In re MICHAEL VICKS on Habeas Corpus. No. D056998.
Court of Appeals of California, Fourth District, Division One. May 11, 2011.
Attorney Steve M. Defilippis, under appointment by the Court of Appeal, for Petitioner Michael Vicks.
In 1983, Michael Vicks was convicted of two counts of rape in concert, two counts of forcible oral copulation in concert, three counts of kidnapping, one count of kidnapping to commit robbery, and multiple counts of robbery. Vicks was sentenced to a total term of 37+ years to LIFE. Vicks, now 51 years old, has been incarcerated for more than 28 years.
At Vicks's first parole hearing, the Board of Parole Hearings (BPH) found him unsuitable for parole. The BPH further concluded a five-year denial of parole was appropriate under the circumstances.
Vicks petitioned the trial court for a writ of habeas corpus, but the court denied the writ, concluding the BPH's decision was supported by some evidence. Vicks then petitioned the Appellate court for a writ of habeas corpus. Vicks asserts the BPH's decision to deny parole violated due process in 2 ways:
1) its conclusion that he posed an unreasonable risk of danger to society if released on parole was contrary to the only reliable evidence that he was not currently dangerous.
2) He also asserts the imposition of a five-year (Marsy’s Law. Prop 9) cannot be applied to him without violating ex post facto principles.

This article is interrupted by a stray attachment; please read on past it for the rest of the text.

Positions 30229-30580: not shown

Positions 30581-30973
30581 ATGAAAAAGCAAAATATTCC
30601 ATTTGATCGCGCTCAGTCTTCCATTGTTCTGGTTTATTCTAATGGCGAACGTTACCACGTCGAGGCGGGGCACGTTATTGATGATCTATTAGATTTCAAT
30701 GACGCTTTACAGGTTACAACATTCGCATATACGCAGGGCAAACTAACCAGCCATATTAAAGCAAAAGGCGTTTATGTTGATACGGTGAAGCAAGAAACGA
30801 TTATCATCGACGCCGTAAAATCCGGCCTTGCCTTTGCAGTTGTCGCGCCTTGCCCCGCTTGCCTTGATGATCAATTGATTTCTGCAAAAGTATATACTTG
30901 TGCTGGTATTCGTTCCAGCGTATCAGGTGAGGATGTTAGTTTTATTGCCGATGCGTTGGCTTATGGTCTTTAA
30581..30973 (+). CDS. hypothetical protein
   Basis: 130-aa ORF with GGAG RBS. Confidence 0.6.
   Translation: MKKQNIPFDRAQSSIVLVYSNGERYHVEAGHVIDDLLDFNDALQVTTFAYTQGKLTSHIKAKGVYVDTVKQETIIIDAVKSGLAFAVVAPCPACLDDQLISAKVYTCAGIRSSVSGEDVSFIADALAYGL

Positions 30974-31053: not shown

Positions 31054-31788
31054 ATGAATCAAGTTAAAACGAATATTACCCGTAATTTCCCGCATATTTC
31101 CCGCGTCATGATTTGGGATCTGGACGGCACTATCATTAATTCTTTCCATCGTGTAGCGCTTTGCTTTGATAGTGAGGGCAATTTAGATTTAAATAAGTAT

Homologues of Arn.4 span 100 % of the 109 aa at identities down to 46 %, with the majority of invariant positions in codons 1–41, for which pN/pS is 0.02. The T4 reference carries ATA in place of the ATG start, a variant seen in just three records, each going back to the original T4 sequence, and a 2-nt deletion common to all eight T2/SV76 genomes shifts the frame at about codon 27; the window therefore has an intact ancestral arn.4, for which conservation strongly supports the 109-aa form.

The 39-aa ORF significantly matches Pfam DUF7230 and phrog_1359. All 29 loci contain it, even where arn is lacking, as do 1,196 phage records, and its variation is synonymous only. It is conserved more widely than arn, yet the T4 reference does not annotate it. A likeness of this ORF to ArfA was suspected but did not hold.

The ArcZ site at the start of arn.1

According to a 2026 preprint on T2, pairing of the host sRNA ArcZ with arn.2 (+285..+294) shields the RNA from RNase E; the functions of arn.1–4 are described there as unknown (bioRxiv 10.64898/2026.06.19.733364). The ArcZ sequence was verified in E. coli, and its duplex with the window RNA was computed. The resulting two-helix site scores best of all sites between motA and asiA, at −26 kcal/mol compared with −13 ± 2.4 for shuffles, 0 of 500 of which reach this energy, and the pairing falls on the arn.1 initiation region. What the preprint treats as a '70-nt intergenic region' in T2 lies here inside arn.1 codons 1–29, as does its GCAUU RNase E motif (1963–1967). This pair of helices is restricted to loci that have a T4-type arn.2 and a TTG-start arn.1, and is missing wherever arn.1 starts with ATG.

Although the Court concluded the BPH's decision to deny parole was supported by some evidence!
The Court also concluded that the application of Marsy's Law violates ex post facto principles.
**** SUPREME COURT ORAL ARGUMENT Marsy's Law (Prop9) Heard 1/8/2013 ****
(left to right) Associate Justice Carol A. Corrigan, Associate Justice Joyce L. Kennard, Associate Justice Kathryn M. Werdegar, Chief Justice Tani Cantil-Sakauye (middle), Associate Justice Ming W. Chin, Associate Justice Marvin R. Baxter, and Associate Justice Goodwin Liu.
Quick Summary of the Oral argument as edited by Lifer criminal defense Attorney Diane Letarte:
Justice Liu seemed to be our biggest LIFER advocate, while Justice Corrigan appeared to be clearly on the other side (no surprise given her 1983-1986 Position as Special Consultant, President’s Task Force on Victims of Violent Crime, 1982.)
Other justices were on the fence while other were hard to read.
The California Chief Justice Tani Cantil-Sakauye was sworn into office on January 3, 2011 is the first Asian-Filipina American and the second woman to serve as the state’s Chief Justice. She could go either way.
Of course, you never really can call these Oral argument cases, so we'll just have to wait & see for the official written OPINION.
(A Personal thanks to the In re Vicks' Attorney who argued the case on 1/8/2013 - Steve M. Defilippis, under appointment by the Court of Appeal, for Petitioner Michael Vicks.)